National Rifle Association Executive Director Chris Cox provided a lukewarm endorsement of a Bureau of Alcohol, Tobacco, Firearms and Explosives-led review of bump stocks on Sunday, but he insisted that more regulations would not stop attacks.
Cox appeared on "Fox News Sunday" and said that access to guns and modification devices isn't the problem — instead the issue is with the individual.
"What we saw last week was pure evil, and we've seen evil existed in this country. We've seen box cutters in airplanes, cars, bombs, trucks full of explosives, and yes firearms," Cox said.
"We need to have an honest discussion about what works and what doesn't work, and our concern is that all this focus on devices takes away the attention from the underlying behavior," he added.
The NRA announced on Thursday that it was calling on the ATF to examine bump stocks — a device that greatly increases a firearm's fire rate — and "review whether these devices comply with federal law."
It is against federal law to convert semiautomatic weapons to fully-automatic, but bump stocks have allowed for gun enthusiasts to simulate automatic fire. It is also what the Las Vegas shooter Stephen Paddock used last week to kill 58 people and injure nearly 500, by shooting out of a hotel window.
Cox said he did not endorse a ban of bump stocks, only expanded regulation of the devices.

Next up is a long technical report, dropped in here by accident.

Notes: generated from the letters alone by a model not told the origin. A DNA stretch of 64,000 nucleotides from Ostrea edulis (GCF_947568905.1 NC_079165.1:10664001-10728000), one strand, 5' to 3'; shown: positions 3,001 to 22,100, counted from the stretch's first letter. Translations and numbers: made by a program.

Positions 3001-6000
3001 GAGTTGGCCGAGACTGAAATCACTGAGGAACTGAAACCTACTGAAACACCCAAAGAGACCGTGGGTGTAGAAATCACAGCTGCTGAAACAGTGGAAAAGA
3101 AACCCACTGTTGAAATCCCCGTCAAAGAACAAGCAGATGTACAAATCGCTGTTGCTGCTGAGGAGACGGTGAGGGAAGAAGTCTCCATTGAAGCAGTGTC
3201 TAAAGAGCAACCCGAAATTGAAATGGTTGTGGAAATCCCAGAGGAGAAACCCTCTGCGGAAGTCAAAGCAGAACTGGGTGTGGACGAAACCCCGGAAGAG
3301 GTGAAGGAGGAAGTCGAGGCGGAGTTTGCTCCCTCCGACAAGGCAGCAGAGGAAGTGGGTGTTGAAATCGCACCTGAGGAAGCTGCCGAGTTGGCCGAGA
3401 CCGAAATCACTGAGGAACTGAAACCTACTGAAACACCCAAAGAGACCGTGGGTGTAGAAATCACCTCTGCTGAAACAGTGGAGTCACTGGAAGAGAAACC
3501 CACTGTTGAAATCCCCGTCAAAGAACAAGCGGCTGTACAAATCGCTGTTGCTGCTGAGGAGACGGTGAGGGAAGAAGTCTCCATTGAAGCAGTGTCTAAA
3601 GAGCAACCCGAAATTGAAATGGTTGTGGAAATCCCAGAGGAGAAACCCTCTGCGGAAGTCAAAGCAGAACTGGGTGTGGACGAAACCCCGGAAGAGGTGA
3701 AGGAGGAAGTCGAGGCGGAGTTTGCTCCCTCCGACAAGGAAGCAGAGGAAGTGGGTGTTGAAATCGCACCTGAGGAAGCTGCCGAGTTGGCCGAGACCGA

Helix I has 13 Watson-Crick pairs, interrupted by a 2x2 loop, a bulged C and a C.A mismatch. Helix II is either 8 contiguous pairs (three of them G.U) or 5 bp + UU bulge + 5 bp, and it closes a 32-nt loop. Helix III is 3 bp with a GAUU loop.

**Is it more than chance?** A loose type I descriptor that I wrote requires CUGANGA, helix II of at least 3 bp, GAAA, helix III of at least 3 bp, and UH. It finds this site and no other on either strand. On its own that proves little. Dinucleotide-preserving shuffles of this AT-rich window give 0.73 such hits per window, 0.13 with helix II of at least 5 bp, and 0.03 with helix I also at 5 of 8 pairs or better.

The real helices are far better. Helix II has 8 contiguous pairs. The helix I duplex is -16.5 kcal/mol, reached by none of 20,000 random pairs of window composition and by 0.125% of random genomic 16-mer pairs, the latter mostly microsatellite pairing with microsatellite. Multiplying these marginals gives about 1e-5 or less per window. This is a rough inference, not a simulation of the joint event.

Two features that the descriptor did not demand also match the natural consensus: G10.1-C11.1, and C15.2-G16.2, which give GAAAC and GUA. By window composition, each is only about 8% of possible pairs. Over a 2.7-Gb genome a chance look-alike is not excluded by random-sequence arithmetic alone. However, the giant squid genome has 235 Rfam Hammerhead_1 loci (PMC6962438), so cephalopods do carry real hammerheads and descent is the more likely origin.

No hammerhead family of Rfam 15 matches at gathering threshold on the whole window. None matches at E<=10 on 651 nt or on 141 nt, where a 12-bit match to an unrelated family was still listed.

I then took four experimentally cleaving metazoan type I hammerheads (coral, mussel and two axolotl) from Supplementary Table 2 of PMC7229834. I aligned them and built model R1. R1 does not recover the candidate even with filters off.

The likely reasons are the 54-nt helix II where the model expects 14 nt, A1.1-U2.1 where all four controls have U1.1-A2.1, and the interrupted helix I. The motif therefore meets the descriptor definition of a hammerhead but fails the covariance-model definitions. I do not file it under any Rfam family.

"We don't believe that bans have ever worked on anything," Cox said. "What we've said has been very clear, that if something transfers a semiautomatic to function like a fully automatic, then it ought to be regulated differently."
Later in the program, Cox said that he was opposed to a ban of high-capacity magazines — such as the ones owned by Paddock that can carry between 60 and 100 rounds.
"People can own things safely and responsibly and be a danger to no one," Cox claimed.
The NRA has long deflected from the ease of procuring firearms or gun devices. In 2012, days after a shooter targeted children in Newton, Connecticut, NRA Executive Vice President Wayne LaPierre defended gun rights.
"It's not going to make any kids safer," LaPierre said on Meet the Press in 2012. "We got to get to the real problems, the real causes and that's what the NRA is trying to do."
Despite the NRA's waffling, outspoken gun control advocate Sen. Chris Murphy, D-Conn., said he was encouraged by the dialogue he was having with NRA supporters and members of the Republican Party.
Murphy told CNN on Sunday that he believed this could be a big first step.
"I think you have to walk before you run," Murphy said. "And I do think this is an important moment. The NRA, at least in the time that I have been in Congress, has never been willing to change U.S. gun laws."
But Murphy said he believed the NRA understood it would lose this fight, which compelled them to make Thursday's announcement.
"I think they [the NRA] see that they were likely going to lose this fight in Congress, and so now they're trying to get it done through administrative action," Murphy said. "But this is the first time that the gun lobby has shown willingness to come to the table."